Sorry Surrey rely on five-year plan

County focus; Stephen Brenkley reports on a youth policy designed to banish age-old failure
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IT WAS mildly surprising to find that the Surrey coach did not look the same age as the club. In the circumstances 150 might have been on the young side. This was intended to be a glorious anniversary summer at the Oval. Nobody could have been greater party-poopers than the team: much-vaunted, highly glamorous and out of contention in every competition.

And was Grahame Clinton fretting his way to premature dotage about this undesirable turn of events? He was not. His mood in the blistering heat of the St Lawrence ground at Canterbury last week was as jaunty as the Panama hat on his head. In a season which has seen Norman Gifford, his counterpart at Sussex, depart because of poor results, Clinton pronounced himself content. He certainly did not look nor sound like a man under pressure.

"It has been disappointing, I have to admit that," he said. "But you have to discuss why things have happened then balance that out against all the positive points. Yes, it would have been good to win things this year for the first time in 14 seasons and that's a record that must be altered. But I'm in the business not of getting a trophy in a season but of building a side that will last five seasons and still go on from there. We've got a young team and it can take two or three years to get established."

Much of what Clinton says in defence of Surrey is incontrovertible and in the confines of the dressing room he may well be prepared to be more critical than he was sitting around the St Lawrence nets. He pointed out that Surrey have won the toss in only four of 13 Championship games and lamented the significance of the coin landing the right way. It was, he insisted, no way to play first-class cricket. In the old days (Clinton is 42) he said a captain might think of asking the opposition to bat but not now, not in 1995, when he had to put his own team in, hope to score 400-500, then catch the opposition on a rapidly deteriorating pitch.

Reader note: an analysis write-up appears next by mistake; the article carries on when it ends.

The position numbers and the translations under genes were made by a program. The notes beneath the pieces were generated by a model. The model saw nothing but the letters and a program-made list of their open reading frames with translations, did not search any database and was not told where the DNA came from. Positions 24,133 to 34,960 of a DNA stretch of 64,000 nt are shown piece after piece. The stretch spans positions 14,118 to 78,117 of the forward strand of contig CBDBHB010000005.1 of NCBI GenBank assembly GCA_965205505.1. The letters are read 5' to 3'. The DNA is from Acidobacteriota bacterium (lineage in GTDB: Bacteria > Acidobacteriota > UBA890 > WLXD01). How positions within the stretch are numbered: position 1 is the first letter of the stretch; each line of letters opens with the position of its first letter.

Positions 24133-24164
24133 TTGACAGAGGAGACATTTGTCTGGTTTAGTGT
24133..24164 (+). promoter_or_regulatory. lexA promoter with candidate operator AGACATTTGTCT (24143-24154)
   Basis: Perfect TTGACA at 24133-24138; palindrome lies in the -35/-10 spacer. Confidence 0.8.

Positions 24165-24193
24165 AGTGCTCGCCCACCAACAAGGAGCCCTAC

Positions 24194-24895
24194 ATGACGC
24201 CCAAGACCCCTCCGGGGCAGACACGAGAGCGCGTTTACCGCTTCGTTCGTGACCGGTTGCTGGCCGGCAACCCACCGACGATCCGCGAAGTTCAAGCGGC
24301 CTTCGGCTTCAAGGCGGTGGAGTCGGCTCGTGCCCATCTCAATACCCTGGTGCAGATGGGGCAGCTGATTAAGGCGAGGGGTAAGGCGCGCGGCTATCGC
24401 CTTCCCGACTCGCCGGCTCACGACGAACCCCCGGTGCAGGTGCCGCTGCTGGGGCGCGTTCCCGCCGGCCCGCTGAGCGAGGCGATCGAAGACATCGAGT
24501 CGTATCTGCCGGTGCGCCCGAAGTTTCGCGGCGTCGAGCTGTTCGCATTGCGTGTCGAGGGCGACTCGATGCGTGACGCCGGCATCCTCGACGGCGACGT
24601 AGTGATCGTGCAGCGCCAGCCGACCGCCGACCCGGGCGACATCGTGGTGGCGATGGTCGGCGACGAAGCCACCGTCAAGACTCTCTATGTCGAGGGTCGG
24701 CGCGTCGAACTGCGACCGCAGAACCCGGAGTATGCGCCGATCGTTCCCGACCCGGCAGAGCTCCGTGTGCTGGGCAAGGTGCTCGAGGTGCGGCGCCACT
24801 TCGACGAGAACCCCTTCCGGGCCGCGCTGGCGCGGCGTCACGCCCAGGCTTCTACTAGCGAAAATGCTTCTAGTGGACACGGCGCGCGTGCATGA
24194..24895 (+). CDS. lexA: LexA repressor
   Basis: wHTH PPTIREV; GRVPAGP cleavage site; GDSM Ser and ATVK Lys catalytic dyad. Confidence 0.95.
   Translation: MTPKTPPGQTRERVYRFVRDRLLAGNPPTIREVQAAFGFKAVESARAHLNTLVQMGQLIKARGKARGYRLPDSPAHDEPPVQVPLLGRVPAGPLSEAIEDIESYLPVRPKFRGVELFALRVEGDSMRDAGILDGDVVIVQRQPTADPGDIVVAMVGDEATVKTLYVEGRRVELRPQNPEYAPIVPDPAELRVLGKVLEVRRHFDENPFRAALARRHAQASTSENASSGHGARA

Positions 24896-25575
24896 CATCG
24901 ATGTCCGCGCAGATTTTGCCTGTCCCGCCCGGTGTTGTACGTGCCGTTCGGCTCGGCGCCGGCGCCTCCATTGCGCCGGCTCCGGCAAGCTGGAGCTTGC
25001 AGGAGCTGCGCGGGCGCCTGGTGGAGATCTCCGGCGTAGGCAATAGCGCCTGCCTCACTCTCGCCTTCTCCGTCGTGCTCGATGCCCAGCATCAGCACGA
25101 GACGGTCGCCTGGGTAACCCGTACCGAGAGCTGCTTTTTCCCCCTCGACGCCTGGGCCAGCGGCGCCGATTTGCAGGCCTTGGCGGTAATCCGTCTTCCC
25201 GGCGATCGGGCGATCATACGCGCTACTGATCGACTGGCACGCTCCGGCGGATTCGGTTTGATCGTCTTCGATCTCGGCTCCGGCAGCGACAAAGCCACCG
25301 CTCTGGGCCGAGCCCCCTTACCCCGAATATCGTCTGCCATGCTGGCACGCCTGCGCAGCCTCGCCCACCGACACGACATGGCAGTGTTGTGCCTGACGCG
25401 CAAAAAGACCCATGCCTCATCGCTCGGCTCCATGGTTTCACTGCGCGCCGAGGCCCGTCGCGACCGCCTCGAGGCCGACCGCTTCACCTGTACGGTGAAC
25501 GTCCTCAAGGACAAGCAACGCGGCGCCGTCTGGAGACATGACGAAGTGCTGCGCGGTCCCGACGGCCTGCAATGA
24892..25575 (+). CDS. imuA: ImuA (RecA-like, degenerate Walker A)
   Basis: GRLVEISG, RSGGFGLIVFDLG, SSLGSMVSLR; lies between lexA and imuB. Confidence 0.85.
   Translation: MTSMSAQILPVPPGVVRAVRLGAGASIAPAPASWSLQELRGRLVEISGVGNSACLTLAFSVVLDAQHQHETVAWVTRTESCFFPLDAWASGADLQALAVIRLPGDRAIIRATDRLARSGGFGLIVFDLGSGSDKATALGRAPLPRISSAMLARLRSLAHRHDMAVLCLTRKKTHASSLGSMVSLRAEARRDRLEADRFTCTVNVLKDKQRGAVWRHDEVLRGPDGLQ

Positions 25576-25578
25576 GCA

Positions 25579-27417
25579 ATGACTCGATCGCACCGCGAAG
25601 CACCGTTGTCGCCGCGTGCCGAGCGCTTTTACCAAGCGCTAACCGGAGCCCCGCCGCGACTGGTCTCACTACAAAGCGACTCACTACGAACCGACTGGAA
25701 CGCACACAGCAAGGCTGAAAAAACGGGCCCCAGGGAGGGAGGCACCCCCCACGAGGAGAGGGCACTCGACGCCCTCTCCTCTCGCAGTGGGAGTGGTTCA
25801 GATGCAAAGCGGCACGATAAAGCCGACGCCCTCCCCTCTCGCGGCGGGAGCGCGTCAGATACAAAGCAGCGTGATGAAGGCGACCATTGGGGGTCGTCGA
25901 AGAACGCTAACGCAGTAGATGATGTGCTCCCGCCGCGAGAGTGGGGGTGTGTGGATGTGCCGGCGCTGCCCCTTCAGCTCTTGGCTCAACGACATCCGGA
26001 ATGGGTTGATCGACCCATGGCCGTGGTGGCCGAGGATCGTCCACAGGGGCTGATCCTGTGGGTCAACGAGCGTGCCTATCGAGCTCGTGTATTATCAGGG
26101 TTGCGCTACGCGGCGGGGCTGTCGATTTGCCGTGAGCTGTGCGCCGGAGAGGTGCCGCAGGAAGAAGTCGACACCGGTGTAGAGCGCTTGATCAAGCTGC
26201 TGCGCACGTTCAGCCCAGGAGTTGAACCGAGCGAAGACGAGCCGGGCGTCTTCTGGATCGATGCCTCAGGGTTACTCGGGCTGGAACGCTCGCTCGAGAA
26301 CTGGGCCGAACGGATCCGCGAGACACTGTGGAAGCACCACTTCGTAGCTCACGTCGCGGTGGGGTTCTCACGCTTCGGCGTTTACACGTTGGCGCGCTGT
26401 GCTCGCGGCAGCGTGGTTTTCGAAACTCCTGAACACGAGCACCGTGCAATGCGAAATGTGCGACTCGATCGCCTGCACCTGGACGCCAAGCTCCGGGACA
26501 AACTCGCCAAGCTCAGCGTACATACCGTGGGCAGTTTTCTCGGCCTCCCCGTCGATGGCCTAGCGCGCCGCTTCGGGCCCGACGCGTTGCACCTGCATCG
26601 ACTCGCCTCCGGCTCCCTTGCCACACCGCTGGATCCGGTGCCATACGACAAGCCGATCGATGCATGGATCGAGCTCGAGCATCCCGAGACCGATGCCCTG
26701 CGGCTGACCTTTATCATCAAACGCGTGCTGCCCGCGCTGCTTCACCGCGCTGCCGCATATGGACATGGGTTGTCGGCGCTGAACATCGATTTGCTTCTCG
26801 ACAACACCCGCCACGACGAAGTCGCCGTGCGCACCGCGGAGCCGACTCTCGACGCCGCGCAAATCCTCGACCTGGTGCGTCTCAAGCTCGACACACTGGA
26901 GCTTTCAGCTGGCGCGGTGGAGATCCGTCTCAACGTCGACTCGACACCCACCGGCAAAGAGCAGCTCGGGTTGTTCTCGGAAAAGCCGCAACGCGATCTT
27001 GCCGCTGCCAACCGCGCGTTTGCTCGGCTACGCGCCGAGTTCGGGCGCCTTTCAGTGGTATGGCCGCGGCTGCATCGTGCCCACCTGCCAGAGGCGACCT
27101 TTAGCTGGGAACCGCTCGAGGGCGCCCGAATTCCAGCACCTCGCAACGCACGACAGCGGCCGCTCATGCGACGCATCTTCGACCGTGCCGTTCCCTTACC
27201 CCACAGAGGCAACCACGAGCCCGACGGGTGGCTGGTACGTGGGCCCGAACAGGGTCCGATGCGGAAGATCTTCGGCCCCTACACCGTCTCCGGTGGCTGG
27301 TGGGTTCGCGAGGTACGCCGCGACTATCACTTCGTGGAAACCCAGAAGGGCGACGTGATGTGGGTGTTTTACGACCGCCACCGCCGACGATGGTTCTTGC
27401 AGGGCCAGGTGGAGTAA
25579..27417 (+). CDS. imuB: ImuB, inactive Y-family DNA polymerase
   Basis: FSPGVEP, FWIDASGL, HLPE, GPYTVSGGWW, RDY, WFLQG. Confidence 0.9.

It was probably only momentary forgetfulness, but Clinton did not mention that Surrey did win the toss against Warwickshire this season: they chose to field and lost by 93 runs. "What I have to do as a coach is to make sure the players improve," he said. "It's as simple as that. We've got a young side and the young players couldn't have done much more for us this summer. They need the established players to be doing well but at the start of the summer that simply did not happen. People like Darren Bicknell and Graham Thorpe simply weren't doing their stuff."

As he spoke Bicknell and Thorpe were compiling majestic centuries, so they have managed to surmount that failing. Clinton is eager to emphasise the positive aspects of the season. He is painfully aware - and almost grimaced in recounting it - that his youngsters, who provided most of the high spots, have a reputation as batsmen for big-hitting cameos - for brief interludes and nothing more.

"I think it simply reflects society. Nobody has any attention span any more. It's not in people's nature to concentrate and that's probably passed on in our cricket. I'm convinced of it."

It is part of Clinton's job to change this, to ensure that the batsmen appreciate the value of batting for five hours instead of slogging for five minutes. He will persevere with his present team.

He is also convinced that part of the problem with this country and with almost any sport is that people are not given a proper chance. Good players are expected to succeed too soon and were quickly consigned to the scrapheap. He is not about to let that happen at the Oval.

He is fond of alluding to Australia and how they chose a team, watched it flounder, allowed it to find its feet and have now got due reward. Surrey's is an insular, close-knit team which would benefit from the opportunity to grow as was evident from an incident at Canterbury.

The club captain, Alec Stewart, though injured, was in attendance and quite happy to act as gofer for his team-mates. At lunch he bounded down the dressing-room steps and carried up meals for the batsmen to ensure that they recovered from their morning labours.

Clinton wants both to mould a successful Surrey and ensure that his players are part of a successful England. He concedes that some of the talk may be premature, but is a believer in starting them young. The coach exudes praise for names such as Kersey, Hollioake, Tudor and even the maddeningly reckless but hugely talented Brown. The Oval may not be a happy place to be this summer but Clinton is clearly planning huge celebrations for the 153rd birthday when he should still look about 45.